In this post back in June I discussed an article written by Colonel Andrew Williams, USAF, about the need to preserve a commander’s authority to review, and sometimes disapprove, the findings of a court-martial. The central theme of Colonel Williams’ article was the fact that court-martial panels are not juries. Unlike any jury in America, a panel isn’t randomly selected, a panel can be as small as three people, and a panel can convict with the votes of a mere two-thirds of its members.
I just read this story from the Omaha World Herald about a jury’s deliberations that would have been impossible in a court-martial:
A jury wrestled long and hard with whether Anthony Utterback acted in self-defense the night he trailed his wife and stabbed the man who had been having an affair with her, a juror said.
The jury of six men and six women initially voted 10-2 to convict Utterback of manslaughter in the slaying of Ryan P. O’Donnell in O’Donnell’s front yard.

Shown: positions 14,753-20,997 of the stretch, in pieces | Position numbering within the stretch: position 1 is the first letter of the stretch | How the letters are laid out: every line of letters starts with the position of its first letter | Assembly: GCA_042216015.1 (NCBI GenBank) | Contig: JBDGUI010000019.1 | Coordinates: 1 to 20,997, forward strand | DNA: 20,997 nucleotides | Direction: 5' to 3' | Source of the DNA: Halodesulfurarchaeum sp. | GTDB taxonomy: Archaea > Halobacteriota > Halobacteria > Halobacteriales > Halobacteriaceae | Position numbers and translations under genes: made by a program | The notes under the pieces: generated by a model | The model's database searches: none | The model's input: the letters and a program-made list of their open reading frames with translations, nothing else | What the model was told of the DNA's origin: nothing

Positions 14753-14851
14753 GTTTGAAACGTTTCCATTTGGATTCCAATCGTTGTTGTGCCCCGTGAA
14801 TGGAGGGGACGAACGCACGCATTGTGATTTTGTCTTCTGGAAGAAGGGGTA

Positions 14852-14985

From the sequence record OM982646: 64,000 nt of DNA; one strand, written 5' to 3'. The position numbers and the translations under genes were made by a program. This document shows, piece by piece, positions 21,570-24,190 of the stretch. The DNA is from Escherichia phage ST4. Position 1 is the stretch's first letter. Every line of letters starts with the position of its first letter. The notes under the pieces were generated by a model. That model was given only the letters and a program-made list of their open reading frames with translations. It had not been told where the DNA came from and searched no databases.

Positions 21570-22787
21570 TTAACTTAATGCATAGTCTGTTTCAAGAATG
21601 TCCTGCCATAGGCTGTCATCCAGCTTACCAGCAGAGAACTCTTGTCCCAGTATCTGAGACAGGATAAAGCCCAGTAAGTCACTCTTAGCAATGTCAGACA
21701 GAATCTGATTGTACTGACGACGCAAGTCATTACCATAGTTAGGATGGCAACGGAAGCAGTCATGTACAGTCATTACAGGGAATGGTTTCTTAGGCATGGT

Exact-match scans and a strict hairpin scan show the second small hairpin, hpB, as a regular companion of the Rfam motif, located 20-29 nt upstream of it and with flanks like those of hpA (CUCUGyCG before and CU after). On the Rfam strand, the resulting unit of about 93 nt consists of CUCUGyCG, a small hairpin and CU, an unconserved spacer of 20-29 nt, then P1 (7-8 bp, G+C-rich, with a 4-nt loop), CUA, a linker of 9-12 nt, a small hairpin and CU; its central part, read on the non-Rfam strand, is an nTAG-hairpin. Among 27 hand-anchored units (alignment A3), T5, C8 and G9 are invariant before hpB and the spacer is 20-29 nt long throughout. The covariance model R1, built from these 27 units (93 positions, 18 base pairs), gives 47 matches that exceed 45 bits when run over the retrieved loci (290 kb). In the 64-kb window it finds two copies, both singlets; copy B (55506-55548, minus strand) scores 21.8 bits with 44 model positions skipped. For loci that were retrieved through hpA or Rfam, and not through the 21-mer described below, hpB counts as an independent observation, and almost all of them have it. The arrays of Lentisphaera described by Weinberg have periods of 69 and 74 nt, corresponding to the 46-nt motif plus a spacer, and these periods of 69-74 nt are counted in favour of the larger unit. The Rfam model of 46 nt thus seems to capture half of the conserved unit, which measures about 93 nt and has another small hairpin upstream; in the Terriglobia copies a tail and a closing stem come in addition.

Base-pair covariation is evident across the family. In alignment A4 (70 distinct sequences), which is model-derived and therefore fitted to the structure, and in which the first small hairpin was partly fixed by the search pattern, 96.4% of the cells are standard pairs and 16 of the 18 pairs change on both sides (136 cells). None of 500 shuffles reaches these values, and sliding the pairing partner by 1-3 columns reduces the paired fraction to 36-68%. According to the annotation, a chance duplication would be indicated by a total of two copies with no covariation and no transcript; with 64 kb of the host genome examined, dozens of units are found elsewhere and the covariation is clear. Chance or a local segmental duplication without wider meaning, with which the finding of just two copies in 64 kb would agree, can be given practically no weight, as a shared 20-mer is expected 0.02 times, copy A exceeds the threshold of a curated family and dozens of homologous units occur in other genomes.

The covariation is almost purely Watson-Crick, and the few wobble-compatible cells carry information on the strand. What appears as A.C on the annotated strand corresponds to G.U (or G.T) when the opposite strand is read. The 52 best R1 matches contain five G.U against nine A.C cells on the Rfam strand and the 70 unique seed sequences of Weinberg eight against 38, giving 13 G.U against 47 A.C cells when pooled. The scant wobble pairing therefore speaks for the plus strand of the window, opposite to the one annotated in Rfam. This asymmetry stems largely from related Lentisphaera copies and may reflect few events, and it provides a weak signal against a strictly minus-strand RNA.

But in nine hours of deliberations, the two holdouts slowly persuaded their fellow jurors that the state hadn’t proven that Utterback had done anything but act in self-defense, said the juror, a 61-year-old retired Omahan.
As the courthouse closed Friday, the jurors acquitted Utterback of all charges in the Feb. 14 stabbing near 40th and Y Streets.
Had that jury been a court-martial panel, the accused would have been convicted on the first vote.
He would have been convicted even if twice as many people initially believed him innocent.